Book Review: The Hunger Games

The Hunger Games. Imagine a future where a reality show forces children to fight to the death on national television. That is the basic premise of The Hunger Games. We follow a young girl named Katniss from a poor part of the country who is pulled into these games with the hope being that, if she wins, she can bring food and wealth back to her family.

The book reminds me partly of Lord of the Flies (and the brutality of children) and then partly of Stone Cold Steve Austin’s recent movie “Condemned,” about prison inmates being forced to fight to the death on television. This book brings both ideas together and handles them in a superb way.

It’s written for young adults, so it’s an extremely easy read. My total amount of time reading was maybe five hours. It’s also an enthralling read. It’s pretty much nonstop action and the world that has been created is deep and complicated. Even though much of the book is focused on this small dome where the action is taking place, the author cleverly reminds you of the larger world outside and the consequences of what might happen.

Katniss is a strong female lead, definitely holding her own against other more naturally predatory combatants. She’s not the strongest physically, but she is strong in terms of logic and compassion and strategy and creativity. Watching her navigate these savage games is truly interesting, as she doesn’t want to hurt anyone. Her desire to live often is at conflict with her desire not to kill.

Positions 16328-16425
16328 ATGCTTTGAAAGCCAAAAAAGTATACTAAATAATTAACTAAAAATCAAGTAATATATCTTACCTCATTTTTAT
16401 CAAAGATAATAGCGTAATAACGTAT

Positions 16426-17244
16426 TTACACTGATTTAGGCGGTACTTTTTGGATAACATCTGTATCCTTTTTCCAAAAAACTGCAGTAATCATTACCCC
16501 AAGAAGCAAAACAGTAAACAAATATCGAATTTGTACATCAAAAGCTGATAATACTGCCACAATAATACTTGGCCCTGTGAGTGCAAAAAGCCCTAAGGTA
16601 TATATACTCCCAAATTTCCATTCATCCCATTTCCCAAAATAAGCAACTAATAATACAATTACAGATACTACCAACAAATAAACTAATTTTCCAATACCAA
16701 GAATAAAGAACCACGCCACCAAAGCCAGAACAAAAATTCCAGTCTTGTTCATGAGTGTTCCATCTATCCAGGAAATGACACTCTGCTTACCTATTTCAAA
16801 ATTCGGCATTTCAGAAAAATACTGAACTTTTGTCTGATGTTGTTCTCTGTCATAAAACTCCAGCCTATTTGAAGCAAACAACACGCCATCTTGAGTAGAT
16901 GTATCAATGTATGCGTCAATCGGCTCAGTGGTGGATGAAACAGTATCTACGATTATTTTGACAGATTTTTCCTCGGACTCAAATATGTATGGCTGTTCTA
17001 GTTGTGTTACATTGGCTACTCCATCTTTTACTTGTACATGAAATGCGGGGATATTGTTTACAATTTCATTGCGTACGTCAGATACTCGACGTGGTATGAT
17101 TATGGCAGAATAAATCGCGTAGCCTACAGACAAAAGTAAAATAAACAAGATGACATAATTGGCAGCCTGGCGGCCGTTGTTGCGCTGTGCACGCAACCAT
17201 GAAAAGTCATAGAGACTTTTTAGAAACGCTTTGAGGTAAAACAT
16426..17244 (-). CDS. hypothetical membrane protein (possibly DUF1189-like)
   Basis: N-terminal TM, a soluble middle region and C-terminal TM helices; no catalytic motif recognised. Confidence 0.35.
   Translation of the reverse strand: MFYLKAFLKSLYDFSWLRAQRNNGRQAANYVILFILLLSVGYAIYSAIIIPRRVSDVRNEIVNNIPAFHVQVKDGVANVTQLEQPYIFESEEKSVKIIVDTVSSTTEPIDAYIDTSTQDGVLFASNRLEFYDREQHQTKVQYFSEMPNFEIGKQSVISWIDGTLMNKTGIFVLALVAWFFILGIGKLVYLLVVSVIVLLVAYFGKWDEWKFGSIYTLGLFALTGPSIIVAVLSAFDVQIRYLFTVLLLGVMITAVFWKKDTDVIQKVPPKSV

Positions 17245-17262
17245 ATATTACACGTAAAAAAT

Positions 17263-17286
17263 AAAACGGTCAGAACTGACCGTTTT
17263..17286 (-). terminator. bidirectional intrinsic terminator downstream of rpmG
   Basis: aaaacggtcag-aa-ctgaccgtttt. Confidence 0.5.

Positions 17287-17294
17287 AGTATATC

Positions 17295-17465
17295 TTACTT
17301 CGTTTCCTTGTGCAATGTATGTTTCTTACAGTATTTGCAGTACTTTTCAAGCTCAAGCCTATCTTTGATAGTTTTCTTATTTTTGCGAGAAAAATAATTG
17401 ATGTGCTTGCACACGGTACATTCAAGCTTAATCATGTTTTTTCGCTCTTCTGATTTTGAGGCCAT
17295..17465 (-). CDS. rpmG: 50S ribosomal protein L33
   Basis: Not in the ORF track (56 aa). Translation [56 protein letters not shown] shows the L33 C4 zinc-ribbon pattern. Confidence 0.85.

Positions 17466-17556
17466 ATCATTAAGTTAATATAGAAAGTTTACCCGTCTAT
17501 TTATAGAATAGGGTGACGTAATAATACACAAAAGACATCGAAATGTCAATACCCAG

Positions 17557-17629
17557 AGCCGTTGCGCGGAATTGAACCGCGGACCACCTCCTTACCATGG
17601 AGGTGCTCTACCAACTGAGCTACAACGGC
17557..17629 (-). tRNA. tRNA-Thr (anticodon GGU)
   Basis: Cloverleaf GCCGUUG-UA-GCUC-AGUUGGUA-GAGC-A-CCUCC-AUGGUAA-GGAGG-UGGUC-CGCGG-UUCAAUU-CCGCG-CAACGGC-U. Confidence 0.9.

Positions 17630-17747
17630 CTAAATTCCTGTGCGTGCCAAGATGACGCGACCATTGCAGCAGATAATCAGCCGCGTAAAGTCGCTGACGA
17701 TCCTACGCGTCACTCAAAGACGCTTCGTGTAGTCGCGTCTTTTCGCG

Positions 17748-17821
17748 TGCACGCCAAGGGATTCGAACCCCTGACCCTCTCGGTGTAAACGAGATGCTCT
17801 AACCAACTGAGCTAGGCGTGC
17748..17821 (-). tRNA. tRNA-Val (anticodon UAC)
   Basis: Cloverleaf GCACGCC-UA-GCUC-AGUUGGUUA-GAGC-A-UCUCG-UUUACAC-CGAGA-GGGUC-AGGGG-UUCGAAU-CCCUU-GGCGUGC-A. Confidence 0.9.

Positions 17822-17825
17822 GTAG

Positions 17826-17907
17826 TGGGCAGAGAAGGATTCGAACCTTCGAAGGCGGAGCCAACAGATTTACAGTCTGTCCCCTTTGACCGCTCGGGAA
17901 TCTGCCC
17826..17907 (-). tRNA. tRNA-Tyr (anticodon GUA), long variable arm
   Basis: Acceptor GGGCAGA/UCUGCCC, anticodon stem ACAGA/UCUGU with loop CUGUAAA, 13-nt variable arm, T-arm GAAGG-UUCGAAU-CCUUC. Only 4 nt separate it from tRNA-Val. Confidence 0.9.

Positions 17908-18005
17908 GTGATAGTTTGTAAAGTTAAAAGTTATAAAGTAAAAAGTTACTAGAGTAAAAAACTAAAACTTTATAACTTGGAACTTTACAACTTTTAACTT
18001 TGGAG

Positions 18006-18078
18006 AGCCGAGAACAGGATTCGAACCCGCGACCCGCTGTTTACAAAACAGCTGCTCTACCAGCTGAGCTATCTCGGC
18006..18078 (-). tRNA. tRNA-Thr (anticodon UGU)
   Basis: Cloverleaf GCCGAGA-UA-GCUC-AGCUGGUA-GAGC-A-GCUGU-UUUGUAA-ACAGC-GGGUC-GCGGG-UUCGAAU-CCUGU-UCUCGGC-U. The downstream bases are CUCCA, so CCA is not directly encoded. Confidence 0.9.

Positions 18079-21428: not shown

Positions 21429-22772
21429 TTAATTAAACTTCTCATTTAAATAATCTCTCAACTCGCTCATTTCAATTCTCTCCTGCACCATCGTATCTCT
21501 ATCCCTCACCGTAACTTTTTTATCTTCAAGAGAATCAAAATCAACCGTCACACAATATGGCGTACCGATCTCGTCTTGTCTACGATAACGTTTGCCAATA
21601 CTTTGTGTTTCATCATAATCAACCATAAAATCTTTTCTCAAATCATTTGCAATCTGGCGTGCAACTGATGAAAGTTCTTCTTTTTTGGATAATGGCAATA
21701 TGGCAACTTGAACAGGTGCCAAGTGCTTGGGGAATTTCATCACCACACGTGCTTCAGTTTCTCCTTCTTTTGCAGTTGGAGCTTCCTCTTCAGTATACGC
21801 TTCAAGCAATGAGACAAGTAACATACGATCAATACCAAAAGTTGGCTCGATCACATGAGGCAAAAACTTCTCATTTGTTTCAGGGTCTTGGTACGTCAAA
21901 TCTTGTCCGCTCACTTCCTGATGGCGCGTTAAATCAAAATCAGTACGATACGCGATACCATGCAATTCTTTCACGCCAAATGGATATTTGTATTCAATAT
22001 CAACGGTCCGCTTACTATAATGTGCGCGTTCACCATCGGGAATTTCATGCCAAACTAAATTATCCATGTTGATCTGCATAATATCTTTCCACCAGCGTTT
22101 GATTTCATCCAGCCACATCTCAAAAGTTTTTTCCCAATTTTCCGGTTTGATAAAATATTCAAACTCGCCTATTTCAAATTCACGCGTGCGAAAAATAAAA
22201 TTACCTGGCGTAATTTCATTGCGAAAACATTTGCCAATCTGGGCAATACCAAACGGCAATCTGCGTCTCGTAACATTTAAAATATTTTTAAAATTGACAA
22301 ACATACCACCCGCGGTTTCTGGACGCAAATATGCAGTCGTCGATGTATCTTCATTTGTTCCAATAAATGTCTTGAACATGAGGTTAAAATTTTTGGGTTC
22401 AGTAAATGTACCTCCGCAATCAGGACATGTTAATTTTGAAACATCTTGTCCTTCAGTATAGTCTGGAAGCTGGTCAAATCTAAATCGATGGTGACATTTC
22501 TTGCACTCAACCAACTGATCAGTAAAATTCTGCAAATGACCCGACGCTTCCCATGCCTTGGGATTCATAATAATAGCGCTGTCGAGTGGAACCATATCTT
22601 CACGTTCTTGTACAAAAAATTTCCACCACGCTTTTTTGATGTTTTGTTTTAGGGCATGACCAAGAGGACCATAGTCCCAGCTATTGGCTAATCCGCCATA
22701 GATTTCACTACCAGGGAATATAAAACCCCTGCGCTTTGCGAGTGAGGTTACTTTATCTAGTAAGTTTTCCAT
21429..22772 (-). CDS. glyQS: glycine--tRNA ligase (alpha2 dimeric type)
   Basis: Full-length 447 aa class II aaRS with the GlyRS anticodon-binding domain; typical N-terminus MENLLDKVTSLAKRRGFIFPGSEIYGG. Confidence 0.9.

She is paired up with romantic and likeable Peeta. He ends up being the more sentimental of the two and the one that has a harder time with the idea of death and losing those that he’s learned to care about. There is a lot of complicated emotions, pleasing audiences of all ages. The superficial love story which might attract younger readers is layered with a deeper set of emotions about life and death and losing yourself to the situations that you’re forced into, which definitely resonated with me.

It’s a no-brainer that I’m recommending this book. It’s an easy read and you’ll be unable to put the book down once you’ve started. This is the first in a trilogy and is soon to arrive on the big-screen (find the teaser trailer here).


About adamryen

Entertainment. Gaming. Dreaming.
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1 Response to Book Review: The Hunger Games

  1. Pingback: Review: The Hunger Games | I Am Your Target Demographic

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